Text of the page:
GOING TO THE WHITE CHURCH WOULD HAVE BEEN EASY
5:30 a.m. came painfully early this morning. Especially after going to bed at 2 a.m. But I knew as I fell asleep that at first the alarm would not make sense to my tired body and brain, especially on my only day off this week, but then the reality of today would shutter me awake.
Sure enough, the obnoxious alarm clock
rattled me out of sleep, I lay there wondering why I had to be awake now,
and then I vaulted out of bed, "Today is it, the church comes down. Letís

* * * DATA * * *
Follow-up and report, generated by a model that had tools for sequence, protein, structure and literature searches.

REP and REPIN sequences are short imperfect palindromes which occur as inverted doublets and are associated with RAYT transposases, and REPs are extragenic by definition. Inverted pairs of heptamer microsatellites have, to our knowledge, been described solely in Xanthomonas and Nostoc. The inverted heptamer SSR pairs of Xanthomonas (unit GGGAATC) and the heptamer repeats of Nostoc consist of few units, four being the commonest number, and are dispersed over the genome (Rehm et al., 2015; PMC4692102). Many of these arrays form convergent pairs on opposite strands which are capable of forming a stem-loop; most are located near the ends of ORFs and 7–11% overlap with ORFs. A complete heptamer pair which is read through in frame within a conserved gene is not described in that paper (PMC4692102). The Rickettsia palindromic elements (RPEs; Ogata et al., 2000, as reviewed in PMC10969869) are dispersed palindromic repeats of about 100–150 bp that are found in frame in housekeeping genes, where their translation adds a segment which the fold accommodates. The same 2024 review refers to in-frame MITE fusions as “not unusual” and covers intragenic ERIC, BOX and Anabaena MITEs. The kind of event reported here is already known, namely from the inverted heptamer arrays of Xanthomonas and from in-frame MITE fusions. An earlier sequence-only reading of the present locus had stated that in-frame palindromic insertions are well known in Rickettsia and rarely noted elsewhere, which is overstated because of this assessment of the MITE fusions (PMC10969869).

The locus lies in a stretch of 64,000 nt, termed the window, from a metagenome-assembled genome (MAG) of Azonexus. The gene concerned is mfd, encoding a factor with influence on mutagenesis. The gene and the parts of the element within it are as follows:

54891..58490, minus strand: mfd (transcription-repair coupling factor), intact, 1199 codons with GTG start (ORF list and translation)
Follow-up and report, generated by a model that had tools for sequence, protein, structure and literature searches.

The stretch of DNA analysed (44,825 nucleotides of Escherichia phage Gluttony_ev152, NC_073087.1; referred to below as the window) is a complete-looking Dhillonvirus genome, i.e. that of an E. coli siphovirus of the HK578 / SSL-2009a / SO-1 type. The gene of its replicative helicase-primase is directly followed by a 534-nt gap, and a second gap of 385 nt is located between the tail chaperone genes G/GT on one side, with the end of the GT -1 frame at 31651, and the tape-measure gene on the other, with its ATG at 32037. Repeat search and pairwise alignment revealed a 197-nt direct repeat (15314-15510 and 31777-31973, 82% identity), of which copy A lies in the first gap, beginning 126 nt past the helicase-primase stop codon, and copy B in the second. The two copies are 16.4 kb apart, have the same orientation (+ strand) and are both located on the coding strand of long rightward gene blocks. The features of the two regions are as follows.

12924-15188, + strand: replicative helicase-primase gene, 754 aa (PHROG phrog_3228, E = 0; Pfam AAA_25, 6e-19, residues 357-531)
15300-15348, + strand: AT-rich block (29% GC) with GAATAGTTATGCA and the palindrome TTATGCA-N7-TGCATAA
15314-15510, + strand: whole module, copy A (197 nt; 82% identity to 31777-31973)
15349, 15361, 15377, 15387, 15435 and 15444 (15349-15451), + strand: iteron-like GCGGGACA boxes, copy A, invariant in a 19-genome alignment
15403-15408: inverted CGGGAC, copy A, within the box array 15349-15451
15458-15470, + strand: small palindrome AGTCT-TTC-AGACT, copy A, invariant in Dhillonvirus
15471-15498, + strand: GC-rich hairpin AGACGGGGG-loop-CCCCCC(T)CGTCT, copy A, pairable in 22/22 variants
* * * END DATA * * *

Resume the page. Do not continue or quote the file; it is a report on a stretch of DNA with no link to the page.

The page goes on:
A year ago the story was so different. Hurricane Floyd swept over Eastern- North Carolina a week earlier, leaving Princeville, Pinetops, parts of Tarboro and other towns under as much as eight feet of water. Think about that, look at the ceiling in your house, it is about eight feet, now imagine your house, your neighborsí, and every house in a 50 mile radius under that much water. Now think about what would be usable after the water went down, nothing, absolutely nothing. The water, not clean, filled with mud, hog waste, and raw sewage. Even after the water recedes, all metal rusts, all wood rots, all plastic is contaminated, your life as you know it is gone. "But I am insured," you say. Are you? Your insurance probably only covers falling water---rain coming through the roof, not rising water--- flooding. This is an issue I have grown to know well over the past year, most people in the flooded areas of North Carolina did not have flood insurance, many had no insurance at all. This hurricane did not wipe out million dollar beach houses belonging to people who would just write them off of next yearís tax return, like many Carolina coastal hurricanes do. This force of nature, this act of God, hit one of the most economically depressed areas of the state, people who had worked their entire lives for the few things they had, and now they were gone. A storm with the cruelest outcome possible. And as it seemed, a racist storm. For you see, the people who live in the lowest lying areas around the flooded Tar River of Eastern North Carolina are predominantly African American. Many have farmed or lived on the same plot of land their family has held for generations, some such as Princeville, since their families were released from slavery. Many of these towns still live divided, a white side and a black side, and the floods went after the black sides for some reason no one can understand.